In the Middle of the Fields review: A timeless tale with a #MeToo edge

Premiere staging of Mary Lavin’s story of grief and vulnerability strikes just right note

In the Middle of the Fields ★★★★ West Wall Walkway, Kilmallock

Timing is everything and what better time to explore the themes of isolation, grief and loss than after a period of collective trauma such as we have all experienced in this recent pandemic.

Being back in a theatre again felt both poignant and a little surreal, especially as the theatre was an open-sided tent in a field in Kilmallock, Co Limerick, but it was a perfectly apposite setting, with a soft summer breeze blowing and horses grazing happily nearby.

This exquisite world premiere staging of writer Mary Lavin’s 1967 short story by director Joan Sheehy and Geoff Gould’s Blood In The Alley Theatre Company finds its feet with calm assurance in the shadow of the #MeToo movement, confronting as it does timeless questions about what is appropriate behaviour and who holds the power in any situation between a man and a woman.


Vera (Kathy Rose O’Brien) is a young widow with small children living alone on a farm. She needs some help with the land and perhaps with more than that, which is what brings her married neighbour Bartley Crossen (Seamus Moran) to her door on the recommendation of trusted farm hand Ned (Mark O’Regan).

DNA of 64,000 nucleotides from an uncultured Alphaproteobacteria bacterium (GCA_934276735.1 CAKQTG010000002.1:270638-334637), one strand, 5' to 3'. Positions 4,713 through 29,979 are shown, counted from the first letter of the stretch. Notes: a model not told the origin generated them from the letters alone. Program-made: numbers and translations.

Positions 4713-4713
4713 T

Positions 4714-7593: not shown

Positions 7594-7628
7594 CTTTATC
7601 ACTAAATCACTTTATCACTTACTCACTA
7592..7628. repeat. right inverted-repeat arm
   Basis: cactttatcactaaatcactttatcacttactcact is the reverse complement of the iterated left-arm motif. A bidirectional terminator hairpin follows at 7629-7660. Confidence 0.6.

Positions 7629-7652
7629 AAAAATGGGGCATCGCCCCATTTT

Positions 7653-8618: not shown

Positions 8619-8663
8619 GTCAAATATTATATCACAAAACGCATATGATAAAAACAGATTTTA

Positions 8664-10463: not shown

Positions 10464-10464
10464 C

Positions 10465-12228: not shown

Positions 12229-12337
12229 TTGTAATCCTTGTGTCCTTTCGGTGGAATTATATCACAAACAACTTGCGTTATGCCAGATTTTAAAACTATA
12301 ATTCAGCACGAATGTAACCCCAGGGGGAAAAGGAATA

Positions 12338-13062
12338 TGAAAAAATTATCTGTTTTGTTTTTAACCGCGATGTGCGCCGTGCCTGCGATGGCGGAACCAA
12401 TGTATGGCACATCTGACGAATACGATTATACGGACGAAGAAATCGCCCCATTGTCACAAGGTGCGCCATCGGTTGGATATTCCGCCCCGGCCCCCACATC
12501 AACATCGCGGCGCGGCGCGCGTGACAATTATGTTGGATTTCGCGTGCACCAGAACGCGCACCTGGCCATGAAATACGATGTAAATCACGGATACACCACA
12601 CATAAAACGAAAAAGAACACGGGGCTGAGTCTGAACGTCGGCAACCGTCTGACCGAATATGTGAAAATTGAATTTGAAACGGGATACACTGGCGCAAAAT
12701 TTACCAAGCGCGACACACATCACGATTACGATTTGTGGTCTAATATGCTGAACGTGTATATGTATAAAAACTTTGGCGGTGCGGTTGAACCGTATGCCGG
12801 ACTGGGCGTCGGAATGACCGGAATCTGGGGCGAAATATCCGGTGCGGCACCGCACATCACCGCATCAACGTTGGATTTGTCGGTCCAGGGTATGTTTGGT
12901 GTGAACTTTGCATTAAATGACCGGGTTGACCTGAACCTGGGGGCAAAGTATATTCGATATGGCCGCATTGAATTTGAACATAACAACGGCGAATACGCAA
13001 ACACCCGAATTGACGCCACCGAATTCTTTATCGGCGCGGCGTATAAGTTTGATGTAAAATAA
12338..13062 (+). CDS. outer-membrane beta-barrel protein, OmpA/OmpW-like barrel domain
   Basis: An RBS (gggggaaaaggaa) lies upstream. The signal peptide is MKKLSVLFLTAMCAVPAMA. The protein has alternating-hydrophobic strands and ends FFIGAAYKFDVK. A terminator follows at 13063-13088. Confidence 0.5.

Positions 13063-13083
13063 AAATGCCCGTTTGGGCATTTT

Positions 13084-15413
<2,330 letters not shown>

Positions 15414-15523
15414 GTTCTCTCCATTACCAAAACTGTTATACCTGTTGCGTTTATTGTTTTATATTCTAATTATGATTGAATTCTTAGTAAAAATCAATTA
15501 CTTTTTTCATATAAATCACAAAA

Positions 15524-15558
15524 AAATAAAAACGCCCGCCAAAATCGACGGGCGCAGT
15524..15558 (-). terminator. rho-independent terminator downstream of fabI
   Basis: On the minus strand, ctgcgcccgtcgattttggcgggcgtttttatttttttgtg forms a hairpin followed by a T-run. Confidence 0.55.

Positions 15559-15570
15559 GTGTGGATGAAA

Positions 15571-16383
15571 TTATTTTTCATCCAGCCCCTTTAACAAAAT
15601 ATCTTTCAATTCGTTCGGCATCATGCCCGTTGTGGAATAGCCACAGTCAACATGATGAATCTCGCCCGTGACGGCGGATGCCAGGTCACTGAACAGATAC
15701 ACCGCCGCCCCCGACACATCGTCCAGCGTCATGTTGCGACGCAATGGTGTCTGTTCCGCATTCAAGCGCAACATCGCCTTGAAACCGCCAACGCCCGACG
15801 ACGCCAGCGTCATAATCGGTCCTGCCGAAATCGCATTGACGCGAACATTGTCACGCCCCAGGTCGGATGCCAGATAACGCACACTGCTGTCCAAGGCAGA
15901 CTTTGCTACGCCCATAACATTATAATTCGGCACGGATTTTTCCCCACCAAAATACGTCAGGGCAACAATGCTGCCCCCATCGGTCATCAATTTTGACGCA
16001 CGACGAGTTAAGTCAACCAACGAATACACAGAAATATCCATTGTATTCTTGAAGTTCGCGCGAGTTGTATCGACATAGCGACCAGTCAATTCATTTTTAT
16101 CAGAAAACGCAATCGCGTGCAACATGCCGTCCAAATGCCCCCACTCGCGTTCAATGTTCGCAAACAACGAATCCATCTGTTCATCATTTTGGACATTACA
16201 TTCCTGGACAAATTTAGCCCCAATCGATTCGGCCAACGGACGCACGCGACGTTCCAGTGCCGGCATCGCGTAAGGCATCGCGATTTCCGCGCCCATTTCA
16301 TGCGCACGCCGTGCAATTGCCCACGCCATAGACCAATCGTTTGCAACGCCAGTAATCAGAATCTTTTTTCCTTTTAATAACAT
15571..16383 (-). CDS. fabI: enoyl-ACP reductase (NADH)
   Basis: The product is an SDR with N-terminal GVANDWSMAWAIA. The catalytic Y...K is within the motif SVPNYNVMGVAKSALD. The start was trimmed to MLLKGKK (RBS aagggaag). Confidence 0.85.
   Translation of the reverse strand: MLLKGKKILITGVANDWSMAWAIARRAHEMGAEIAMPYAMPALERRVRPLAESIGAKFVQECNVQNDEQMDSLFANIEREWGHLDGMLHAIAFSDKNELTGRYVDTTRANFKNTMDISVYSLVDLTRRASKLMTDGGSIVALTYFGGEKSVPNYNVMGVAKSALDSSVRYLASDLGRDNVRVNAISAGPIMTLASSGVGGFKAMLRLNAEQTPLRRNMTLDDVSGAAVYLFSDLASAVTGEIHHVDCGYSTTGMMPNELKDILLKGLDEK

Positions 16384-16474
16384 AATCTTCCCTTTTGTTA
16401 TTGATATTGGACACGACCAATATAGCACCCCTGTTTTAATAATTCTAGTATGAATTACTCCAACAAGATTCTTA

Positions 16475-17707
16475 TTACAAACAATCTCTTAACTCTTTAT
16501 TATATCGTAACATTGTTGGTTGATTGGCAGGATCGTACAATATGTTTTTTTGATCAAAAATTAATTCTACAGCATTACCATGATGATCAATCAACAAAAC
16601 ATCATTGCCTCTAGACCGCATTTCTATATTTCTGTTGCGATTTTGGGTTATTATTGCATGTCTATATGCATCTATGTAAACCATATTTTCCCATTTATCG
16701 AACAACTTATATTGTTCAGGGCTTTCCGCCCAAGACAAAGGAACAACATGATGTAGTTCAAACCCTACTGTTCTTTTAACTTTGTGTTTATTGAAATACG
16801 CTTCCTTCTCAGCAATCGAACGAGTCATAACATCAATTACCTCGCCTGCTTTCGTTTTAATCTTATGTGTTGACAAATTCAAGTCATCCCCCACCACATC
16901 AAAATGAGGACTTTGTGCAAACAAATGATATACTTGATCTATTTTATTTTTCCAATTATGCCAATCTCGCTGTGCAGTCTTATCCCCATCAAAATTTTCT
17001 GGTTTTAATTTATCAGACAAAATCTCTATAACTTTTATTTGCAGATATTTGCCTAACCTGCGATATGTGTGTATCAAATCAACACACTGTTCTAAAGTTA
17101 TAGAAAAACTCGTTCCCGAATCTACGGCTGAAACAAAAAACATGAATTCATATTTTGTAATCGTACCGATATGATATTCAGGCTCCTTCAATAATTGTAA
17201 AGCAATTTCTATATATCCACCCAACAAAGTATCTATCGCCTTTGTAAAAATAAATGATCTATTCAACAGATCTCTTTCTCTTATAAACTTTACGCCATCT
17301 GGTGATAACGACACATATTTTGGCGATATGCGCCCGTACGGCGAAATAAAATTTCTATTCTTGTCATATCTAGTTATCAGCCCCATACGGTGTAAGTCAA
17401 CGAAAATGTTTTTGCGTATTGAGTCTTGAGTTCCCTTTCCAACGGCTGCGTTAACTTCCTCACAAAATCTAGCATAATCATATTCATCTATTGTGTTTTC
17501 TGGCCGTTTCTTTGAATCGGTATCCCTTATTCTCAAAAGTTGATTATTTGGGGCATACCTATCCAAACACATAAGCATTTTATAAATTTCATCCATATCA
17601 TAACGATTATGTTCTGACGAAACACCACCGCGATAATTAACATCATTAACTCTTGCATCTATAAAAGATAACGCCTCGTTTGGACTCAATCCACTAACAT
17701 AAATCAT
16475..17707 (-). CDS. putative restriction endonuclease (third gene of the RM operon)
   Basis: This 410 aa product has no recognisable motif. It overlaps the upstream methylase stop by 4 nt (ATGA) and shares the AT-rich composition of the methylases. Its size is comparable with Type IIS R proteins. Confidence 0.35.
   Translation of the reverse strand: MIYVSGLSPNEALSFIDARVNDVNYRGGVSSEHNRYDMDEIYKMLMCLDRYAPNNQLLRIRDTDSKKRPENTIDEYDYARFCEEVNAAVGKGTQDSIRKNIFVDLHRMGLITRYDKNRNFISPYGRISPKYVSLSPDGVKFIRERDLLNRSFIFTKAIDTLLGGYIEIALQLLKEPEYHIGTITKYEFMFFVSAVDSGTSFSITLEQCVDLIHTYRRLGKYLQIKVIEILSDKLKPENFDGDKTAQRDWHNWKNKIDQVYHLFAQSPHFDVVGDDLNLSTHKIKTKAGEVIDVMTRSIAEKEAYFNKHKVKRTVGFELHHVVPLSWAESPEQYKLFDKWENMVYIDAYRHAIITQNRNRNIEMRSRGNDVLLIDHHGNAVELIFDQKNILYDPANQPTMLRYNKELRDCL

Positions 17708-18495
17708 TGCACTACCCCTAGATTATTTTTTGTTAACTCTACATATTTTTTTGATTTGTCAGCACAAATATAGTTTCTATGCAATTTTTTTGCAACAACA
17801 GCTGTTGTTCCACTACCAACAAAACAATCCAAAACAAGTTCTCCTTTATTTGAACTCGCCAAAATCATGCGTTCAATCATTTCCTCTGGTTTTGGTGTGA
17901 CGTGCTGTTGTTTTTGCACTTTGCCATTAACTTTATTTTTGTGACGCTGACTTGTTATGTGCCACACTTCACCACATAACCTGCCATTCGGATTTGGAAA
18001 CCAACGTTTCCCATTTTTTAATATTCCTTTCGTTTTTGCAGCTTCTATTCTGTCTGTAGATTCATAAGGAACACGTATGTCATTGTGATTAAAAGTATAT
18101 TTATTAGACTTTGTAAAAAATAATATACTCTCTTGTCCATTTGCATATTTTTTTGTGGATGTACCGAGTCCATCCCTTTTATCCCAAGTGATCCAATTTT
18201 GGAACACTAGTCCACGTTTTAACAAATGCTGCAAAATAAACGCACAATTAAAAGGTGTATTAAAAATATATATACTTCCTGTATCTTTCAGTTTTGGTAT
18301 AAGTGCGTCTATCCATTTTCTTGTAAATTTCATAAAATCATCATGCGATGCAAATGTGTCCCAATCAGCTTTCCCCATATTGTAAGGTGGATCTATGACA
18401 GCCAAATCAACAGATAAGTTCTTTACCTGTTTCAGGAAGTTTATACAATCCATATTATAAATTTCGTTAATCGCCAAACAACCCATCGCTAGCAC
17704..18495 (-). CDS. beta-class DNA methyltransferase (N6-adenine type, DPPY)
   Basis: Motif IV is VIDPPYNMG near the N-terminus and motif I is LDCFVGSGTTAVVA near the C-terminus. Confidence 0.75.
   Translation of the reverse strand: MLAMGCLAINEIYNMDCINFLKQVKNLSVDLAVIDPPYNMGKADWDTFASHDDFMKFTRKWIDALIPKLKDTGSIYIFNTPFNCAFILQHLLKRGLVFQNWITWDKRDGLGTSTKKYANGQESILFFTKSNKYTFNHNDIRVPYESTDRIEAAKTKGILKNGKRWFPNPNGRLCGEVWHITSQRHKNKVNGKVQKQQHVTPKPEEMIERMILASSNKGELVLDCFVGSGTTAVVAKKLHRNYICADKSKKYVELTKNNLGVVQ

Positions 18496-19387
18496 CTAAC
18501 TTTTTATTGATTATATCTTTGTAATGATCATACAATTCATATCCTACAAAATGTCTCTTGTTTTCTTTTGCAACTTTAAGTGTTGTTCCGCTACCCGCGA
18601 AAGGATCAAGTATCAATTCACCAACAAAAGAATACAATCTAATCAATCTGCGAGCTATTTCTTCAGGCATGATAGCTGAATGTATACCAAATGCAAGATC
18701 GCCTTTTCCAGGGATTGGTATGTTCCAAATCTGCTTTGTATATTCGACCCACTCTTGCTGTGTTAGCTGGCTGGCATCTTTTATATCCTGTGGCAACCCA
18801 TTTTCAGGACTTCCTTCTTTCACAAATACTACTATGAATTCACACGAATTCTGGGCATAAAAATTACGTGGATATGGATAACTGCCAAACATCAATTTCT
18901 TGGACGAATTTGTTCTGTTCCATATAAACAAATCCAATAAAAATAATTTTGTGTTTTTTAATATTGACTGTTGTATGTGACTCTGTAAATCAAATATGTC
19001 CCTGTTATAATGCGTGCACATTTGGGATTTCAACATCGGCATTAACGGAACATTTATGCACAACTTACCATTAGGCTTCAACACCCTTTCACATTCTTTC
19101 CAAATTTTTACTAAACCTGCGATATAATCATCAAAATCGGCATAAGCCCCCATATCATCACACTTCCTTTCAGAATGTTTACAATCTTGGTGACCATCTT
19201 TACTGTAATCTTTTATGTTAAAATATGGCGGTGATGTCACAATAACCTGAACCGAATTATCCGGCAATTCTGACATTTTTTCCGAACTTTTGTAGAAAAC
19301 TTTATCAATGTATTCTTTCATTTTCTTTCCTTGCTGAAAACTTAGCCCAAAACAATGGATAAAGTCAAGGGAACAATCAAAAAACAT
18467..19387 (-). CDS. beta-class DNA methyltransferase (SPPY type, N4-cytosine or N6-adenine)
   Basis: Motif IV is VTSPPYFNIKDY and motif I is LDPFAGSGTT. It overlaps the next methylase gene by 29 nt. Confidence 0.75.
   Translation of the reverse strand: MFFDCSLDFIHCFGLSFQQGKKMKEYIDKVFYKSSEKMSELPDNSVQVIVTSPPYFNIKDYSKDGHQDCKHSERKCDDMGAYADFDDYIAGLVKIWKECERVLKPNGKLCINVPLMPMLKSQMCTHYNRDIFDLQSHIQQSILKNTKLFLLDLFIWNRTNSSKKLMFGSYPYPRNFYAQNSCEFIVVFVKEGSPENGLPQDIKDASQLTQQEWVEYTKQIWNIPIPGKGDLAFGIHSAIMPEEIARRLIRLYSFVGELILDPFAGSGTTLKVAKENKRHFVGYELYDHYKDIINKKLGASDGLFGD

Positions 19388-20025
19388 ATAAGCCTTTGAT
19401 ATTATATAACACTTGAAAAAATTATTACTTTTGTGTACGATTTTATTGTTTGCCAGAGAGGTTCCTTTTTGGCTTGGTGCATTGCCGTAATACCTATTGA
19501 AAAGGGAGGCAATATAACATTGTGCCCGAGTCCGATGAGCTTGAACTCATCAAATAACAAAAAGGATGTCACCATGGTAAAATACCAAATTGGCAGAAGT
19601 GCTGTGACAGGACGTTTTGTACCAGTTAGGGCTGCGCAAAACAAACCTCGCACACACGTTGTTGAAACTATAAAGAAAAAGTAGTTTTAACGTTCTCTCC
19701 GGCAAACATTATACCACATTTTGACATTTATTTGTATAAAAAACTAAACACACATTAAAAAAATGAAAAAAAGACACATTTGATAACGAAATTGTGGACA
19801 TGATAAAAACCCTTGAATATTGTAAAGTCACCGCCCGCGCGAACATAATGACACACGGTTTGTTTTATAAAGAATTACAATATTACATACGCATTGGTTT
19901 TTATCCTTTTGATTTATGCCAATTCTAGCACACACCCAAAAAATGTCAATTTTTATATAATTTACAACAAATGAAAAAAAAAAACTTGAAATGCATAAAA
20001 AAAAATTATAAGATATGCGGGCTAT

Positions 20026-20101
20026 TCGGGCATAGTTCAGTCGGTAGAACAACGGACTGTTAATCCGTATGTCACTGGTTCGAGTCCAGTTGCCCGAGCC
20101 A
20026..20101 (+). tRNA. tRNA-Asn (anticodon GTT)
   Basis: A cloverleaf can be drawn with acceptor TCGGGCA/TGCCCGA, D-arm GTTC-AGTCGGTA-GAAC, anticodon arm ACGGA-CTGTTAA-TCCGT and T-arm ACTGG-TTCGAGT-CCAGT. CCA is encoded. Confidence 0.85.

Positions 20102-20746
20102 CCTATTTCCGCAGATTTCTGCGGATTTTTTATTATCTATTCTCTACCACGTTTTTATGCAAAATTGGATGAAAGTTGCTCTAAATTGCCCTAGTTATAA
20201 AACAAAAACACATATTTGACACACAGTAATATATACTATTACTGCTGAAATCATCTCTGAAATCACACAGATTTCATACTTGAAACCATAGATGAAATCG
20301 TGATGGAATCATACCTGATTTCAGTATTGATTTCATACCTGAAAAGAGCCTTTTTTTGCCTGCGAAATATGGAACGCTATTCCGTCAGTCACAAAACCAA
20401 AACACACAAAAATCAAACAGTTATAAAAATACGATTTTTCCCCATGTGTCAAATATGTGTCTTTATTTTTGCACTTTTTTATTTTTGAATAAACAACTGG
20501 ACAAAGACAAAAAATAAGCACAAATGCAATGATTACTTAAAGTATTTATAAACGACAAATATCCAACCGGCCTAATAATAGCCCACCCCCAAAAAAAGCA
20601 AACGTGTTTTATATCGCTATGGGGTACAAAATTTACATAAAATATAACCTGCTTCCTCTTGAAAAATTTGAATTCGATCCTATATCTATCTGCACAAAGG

There is a gentle undercurrent between O’Brien and Moran: by day he is the contractor and she owns the land, but the temperature changes and the ground shifts when he calls to her farmhouse in the dark of night, and everything that is then said or unsaid between them has a deeply unsettling tension.

O’Brien has all the vulnerability of a woman who finds herself alone in her prime and perhaps craves for something more, and Moran brings an unapologetic sense of what that more could be, with just enough of an edge to unsettle.

Balance is everything in the mood of this story, coming as it does from a very different period in terms of what was considered acceptable, and yet it seems that nothing has changed. On the surface it could be said that there is very little harm perhaps in a man asking a woman “Are you never lonely at all?” or " what about a little kiss?” but is never that simple.

Tone here is pivotal, and, in directing, Sheehy remains utterly steadfast to the disconcerting twists and turns that Lavin orchestrates between Vera and Crossen, leaving the audience to draw their own conclusions.

One of the great joys in this assured production is it asks questions but leaves space for a myriad of possible answers. Into that space comes the original music of Tom Lane, performed by the accordionist Dermot Dunne, to perfectly underscore the many shifting emotional moods.

Subtly lit by Paul Keogan, with movement directed by Colin Dunne and costumes by Olivia Monaghan, this is a timeless story about loss, not just the painful loss of a loved one but the often unspoken grief that results from the loss of passion and desire. An absolute treat.

Until July 11th.